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The Power of Watts


Jonathan Milan a San Salvo, Giro d'Italia 2023

Just take a close look at him: 194 cm in height and 84 kg radiating power from every pore. Jonathan Milan is one of those riders you instantly spot in the bunch, standing out for both his physique and elegance. If we then think that he is Olympic, World and European track champion in the team pursuit, it is easy to guess that that size serves as a body for a jaw-dropping engine. 

So far, as mentioned, Jonny has mainly performed in velodromes halfway around the world, and in the individual pursuit, he is currently second only to compatriot Filippo Ganna. Managing to transfer this talent from the track to the road, however, is far from easy, because one thing is to unleash your power in a 4-kilometer test, another is to excel after 200 km and nearly 5 hours in the saddle. 

Milan got off to a successful start late last year when he won two stages at the CRO Race, and then earlier this year when he swept past a lightning bolt like Dylan Groenewegen in the middle of the desert at the Saudi Tour. Early signs of a talent ready to blossom.

Before this Giro d’Italia, which, it’s worth remembering, is the first Grand Tour of his career, the Friulian, class of 2000, cut his teeth between Milano-Sanremo, Paris-Roubaix and cobbled classics, working hard for his teammates and, it must be said, suffering a lot, perhaps more than expected. In between, however, he made his way to Grenchen to win a European championship in both the individual and team pursuit.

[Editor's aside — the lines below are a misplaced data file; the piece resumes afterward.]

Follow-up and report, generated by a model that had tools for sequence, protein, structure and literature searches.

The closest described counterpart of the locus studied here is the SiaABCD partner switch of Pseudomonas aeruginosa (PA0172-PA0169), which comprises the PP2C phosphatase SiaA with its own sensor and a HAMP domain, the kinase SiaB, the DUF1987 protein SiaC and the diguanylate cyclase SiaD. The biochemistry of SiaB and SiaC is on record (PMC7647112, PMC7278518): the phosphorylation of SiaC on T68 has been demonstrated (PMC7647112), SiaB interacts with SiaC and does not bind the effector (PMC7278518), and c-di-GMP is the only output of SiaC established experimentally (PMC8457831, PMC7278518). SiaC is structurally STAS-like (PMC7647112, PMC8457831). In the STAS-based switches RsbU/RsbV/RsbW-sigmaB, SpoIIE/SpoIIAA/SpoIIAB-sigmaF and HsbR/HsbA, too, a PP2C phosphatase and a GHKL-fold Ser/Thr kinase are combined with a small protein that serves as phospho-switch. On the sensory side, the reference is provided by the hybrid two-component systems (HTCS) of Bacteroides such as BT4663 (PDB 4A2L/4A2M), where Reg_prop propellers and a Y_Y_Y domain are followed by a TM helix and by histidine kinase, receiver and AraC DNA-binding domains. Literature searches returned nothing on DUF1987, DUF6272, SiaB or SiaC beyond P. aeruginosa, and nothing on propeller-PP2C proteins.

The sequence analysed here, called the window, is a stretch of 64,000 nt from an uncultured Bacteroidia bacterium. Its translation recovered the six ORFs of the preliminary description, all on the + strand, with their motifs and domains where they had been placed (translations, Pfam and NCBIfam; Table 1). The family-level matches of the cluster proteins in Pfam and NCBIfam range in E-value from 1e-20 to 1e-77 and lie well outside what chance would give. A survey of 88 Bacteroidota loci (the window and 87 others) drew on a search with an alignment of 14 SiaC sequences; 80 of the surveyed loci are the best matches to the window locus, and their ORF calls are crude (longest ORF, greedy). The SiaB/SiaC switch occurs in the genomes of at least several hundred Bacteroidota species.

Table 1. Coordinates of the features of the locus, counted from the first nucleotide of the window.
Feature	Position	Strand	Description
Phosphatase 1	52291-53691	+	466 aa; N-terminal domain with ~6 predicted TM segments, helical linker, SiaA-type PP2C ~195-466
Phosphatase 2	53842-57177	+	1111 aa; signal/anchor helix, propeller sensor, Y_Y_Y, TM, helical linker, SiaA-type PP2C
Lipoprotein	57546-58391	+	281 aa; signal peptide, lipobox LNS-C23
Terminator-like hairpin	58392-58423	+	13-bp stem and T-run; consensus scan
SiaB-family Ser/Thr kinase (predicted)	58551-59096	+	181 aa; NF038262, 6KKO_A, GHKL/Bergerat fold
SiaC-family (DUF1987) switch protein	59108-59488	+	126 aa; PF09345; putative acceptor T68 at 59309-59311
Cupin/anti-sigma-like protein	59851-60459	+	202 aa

He came to this Giro d’Italia with the absolute trust of Bahrain Victorious which, for the sprints, decided to bet everything on him, backed by his mentor Andrea Pasqualon. And, at the first chance, Milan made his mark, obliterating the competition with an eye-watering, all-watt sprint. Now he finds himself in the Maglia Ciclamino jersey, and with a whole Giro ahead of him, which he will be able to ride and possibly enjoy without the stress of having to prove anything. 

And the Italians are rubbing their hands together. It was since Giulio Ciccone in 2016 that such a young Italian rider had not won a stage at the Giro, and if talking sprints, we have to go all the way back to legend Mario Cipollini and 1989. 

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